Eriks proposes bacteria action plan for food industry gears and motors12 November 2018

Gareth Lenton

Industrial component supplier Eriks, which supplies the Fenner brand of gears and motors for the food industry, is recommending a three-step action plan to reduce bacterial contamination and costs in food processing.

Gareth Lenton, director of the power transmission technology centre at Eriks UK says: “90% of bacterial contamination in the food processing industry is caused by poor hygienic design, with gearboxes and motors a primary cause of problems. Our experience has helped us to identify three common problems, which form the basis of our three-step plan.”

First, specify motors equipped with anti-condensation breathers. Lenton states: “Condensation build-up can harbour bacteria, shorten operational life, and result in unnecessary downtime and increased maintenance costs. An anti-condensation breather compensates for the pressure differential between the warm air inside the motor and the cooler air outside, which prevents condensation and water from building up inside the motor. This leads to less corrosion, less monitoring and longer meantime between failure.” An ingress protection rating of IP66 to IP69 will also protect a motor from water jets and chemical cleaning products.

Second, choose gears and motors with smooth surfaces. He continues: “Cooling ribs, hollow areas and sharp edges are the perfect hiding places for food because they’re often immune to daily wash-down procedures. For the best results, look for motors without tag plates. Hollow torque arms and shaft covers, are also easier to clean.” Motors with round and easy-clean designs prevent food from accumulating, thereby reducing the risk of contamination.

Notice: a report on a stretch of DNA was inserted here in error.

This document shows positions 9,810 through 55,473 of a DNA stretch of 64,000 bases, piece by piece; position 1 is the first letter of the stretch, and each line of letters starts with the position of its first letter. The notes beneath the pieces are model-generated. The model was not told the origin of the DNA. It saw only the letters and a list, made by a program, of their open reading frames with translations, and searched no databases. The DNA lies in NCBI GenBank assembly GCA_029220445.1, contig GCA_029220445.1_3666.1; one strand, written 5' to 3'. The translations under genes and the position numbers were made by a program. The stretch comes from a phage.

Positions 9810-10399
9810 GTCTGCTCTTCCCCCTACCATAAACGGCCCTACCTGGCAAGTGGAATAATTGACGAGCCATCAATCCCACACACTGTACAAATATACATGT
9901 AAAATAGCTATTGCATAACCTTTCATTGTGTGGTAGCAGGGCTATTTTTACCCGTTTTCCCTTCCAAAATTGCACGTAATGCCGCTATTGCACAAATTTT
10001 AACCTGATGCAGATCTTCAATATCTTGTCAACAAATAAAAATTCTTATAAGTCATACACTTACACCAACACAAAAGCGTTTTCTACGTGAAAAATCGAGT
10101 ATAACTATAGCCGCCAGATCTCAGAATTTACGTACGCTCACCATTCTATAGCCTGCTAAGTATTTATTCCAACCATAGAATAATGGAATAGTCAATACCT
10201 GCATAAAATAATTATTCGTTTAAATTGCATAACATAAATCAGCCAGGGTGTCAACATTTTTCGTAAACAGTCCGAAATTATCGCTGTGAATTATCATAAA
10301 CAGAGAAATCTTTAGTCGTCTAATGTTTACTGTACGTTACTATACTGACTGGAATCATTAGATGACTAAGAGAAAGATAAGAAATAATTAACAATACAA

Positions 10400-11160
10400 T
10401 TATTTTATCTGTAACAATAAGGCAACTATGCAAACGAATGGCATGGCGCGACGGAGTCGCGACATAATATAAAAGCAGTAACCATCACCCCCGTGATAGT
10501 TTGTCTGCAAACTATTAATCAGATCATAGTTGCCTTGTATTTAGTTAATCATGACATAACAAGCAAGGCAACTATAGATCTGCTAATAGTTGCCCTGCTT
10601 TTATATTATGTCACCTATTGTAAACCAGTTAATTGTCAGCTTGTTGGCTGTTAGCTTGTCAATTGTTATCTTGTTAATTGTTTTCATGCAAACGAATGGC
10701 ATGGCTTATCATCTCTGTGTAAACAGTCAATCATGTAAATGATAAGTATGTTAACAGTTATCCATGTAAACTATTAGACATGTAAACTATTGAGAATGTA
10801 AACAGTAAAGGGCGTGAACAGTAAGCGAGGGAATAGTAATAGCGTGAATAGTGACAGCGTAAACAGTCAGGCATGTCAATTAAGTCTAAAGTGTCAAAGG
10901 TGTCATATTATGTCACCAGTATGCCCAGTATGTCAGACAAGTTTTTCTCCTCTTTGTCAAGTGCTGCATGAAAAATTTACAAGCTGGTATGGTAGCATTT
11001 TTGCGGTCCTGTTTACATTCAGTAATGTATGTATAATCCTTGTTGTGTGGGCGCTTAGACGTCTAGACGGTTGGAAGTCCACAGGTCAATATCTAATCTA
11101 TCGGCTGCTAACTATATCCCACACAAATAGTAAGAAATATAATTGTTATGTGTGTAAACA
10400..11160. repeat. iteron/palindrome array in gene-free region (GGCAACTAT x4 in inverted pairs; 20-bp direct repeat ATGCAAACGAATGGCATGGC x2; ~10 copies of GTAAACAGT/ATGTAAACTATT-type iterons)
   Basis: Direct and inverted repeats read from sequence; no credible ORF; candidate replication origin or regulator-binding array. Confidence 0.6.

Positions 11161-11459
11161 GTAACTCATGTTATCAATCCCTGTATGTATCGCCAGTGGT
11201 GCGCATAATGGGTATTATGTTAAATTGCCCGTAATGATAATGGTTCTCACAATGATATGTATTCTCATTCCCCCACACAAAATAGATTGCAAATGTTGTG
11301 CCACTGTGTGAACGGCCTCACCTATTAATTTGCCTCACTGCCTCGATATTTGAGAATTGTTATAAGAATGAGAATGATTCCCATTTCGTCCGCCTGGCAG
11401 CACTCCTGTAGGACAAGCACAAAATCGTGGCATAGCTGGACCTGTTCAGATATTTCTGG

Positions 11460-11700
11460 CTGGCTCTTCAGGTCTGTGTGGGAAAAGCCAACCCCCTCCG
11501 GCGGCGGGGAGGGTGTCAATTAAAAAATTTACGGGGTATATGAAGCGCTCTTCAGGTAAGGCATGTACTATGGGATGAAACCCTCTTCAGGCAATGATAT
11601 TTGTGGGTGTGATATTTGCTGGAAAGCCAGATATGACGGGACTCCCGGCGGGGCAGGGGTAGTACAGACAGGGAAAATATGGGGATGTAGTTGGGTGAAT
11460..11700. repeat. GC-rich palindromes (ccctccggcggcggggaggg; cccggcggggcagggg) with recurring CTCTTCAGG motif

Third, make the switch to stainless steel. Adds Lenton: “We know of one multi-national grocery retailer that wants its suppliers to exchange existing geared units for stainless-steel designs. Our experience suggests that the use of stainless-steel geared motors would speed up cleaning times and reduce the use of chemicals, which could potentially save food processors up to 60% on cleaning costs. Gear corrosion – specifically housing and bearing rust – can build up over time and even enter the food.

Eriks argues that, although these actions are limited in scope, they will still significantly improve the lifespan of critical equipment, overall costs for cleaning, as well as compliance with food industry regulations such as IFS certificates.

William Dalrymple

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